Unfriendly partitions

Importance: High ✭✭✭
Recomm. for undergrads: no
Posted by: mdevos
on: October 22nd, 2007

If $ G $ is a graph, we say that a partition of $ V(G) $ is unfriendly if every vertex has at least as many neighbors in the other classes as in its own.

Problem   Does every countably infinite graph have an unfriendly partition into two sets?

It is a simple property that every finite graph $ G $ has an unfriendly partition into two sets - just choose a partition of $ V(G) $ into two sets so that the number of edges with one end in each is maximum. Cowan and Emerson [CE] conjectured that the same property should hold true of infinite graphs. A counterexample to this was constructed by Milner and Shelah [MS], but their construction uses uncountably many vertices, leaving the countable case (highlighted above) still open. In the same article by Milner and Shelah [MS], they show that every graph does have an unfriendly partition into three sets.

Curiously, it is quite easy to see that the answer to the above question is yes in the case when all vertices have finite degree, and also in the case when all vertices have infinite degree. The former follows from the unfriendly partition property for finite graphs together with a standard compactness argument. The latter can be achieved with a "back and forth" construction. Thus, the difficult case is the mixed one. Aharoni, Milner, and Prikry [AMP] showed that every graph with only finitely many vertices of infinite degree has an unfriendly partition into two sets, but this seems the extent of our knowledge.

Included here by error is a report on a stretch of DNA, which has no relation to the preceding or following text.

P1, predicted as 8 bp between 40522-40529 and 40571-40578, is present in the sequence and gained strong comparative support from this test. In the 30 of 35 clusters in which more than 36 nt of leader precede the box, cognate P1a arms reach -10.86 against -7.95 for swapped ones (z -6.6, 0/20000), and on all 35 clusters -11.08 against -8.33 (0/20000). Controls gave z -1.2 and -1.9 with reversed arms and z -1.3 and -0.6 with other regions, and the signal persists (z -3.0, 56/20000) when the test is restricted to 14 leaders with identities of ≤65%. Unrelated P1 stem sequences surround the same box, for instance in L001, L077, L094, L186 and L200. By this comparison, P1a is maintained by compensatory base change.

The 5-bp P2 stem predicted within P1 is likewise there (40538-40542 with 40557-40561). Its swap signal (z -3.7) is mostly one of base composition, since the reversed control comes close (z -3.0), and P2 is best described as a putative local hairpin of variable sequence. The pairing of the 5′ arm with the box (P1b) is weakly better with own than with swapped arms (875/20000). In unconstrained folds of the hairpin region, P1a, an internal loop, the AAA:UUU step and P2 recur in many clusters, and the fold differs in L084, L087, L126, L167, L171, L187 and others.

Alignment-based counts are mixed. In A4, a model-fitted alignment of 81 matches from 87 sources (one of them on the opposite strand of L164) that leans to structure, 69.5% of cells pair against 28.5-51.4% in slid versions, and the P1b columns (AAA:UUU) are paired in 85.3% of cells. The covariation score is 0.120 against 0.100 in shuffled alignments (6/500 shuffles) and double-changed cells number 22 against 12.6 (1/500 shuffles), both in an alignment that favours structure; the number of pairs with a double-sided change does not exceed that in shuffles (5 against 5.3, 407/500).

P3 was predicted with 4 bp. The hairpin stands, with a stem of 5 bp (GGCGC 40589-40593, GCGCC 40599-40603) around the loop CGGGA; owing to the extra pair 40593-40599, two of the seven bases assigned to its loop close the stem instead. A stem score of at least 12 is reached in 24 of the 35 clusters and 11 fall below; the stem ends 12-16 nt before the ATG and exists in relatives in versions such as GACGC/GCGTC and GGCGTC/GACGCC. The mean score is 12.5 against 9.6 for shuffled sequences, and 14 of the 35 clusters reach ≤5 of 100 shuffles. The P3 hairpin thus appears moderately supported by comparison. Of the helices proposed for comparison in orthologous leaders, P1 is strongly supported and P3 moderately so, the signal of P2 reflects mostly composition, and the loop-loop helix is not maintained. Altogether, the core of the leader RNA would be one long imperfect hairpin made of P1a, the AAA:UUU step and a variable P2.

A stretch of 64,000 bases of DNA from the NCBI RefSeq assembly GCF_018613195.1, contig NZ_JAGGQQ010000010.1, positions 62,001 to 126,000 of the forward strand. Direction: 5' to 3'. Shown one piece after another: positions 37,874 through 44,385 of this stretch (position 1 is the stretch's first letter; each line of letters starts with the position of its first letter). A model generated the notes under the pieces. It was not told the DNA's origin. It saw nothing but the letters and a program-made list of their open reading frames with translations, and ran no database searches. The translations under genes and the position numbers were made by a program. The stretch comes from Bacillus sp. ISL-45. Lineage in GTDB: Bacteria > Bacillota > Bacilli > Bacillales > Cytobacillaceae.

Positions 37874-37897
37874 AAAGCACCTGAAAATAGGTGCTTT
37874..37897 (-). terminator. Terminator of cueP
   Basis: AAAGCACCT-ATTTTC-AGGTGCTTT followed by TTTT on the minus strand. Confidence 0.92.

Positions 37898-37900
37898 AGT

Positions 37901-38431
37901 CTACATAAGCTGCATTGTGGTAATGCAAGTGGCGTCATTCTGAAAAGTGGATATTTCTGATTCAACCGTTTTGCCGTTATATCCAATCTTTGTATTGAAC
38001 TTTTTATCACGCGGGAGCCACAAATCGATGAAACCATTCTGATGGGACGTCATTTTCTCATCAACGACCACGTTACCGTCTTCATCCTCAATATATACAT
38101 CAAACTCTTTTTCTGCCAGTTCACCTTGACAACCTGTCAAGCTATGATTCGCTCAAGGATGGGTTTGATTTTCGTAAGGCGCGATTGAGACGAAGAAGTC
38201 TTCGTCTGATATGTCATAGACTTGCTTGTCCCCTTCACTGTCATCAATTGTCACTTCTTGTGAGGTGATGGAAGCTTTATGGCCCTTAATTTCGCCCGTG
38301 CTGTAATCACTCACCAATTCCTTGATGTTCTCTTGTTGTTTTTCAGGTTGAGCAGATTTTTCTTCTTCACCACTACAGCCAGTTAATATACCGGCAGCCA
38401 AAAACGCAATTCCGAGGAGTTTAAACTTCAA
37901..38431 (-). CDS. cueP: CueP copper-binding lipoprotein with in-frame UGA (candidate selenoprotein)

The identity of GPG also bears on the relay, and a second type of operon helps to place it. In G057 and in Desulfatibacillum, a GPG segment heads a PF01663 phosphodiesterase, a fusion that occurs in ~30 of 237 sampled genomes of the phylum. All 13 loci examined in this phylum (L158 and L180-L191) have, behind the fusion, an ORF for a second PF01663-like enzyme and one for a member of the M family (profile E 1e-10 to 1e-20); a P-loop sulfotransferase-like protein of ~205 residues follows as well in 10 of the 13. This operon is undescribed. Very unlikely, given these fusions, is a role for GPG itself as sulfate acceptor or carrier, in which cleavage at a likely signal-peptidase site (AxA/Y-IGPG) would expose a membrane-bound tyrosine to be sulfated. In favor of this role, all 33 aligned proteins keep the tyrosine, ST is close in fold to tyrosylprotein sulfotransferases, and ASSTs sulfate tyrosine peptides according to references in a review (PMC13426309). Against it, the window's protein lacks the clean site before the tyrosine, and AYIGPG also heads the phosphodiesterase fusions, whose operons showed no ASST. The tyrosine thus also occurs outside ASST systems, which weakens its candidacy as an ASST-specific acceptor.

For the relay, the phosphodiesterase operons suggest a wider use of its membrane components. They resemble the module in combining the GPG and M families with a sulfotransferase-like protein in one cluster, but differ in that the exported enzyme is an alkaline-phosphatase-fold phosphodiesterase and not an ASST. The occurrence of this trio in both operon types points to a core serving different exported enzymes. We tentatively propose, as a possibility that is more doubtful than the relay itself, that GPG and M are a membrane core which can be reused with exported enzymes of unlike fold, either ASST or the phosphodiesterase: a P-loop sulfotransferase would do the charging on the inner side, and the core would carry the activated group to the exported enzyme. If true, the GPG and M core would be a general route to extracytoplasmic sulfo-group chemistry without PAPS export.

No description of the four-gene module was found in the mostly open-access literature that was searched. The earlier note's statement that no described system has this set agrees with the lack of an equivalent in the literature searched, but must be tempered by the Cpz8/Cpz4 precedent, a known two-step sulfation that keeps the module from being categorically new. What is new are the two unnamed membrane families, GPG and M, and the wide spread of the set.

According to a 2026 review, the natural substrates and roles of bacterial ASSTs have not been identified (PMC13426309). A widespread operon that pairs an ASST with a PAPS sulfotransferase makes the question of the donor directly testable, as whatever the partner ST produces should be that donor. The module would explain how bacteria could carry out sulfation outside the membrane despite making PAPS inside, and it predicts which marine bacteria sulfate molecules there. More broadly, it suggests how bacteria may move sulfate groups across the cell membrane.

It does not appear that there is any consensus among experts as to whether this conjecture should be true or false.


*[CE] R. Cowan and W. Emerson, Proportional colorings of graphs, unpublished.

[MS] E. C. Milner and S. Shelah, Graphs with no unfriendly partitions. A tribute to Paul Erdös, 373--384, Cambridge Univ. Press, Cambridge, 1990. MathSciNet.

[AMP] R. Aharoni, E. C. Milner, K. Prikry, Unfriendly partitions of a graph. J. Combin. Theory Ser. B 50 (1990), no. 1, 1--10. MathSciNet

* indicates original appearance(s) of problem.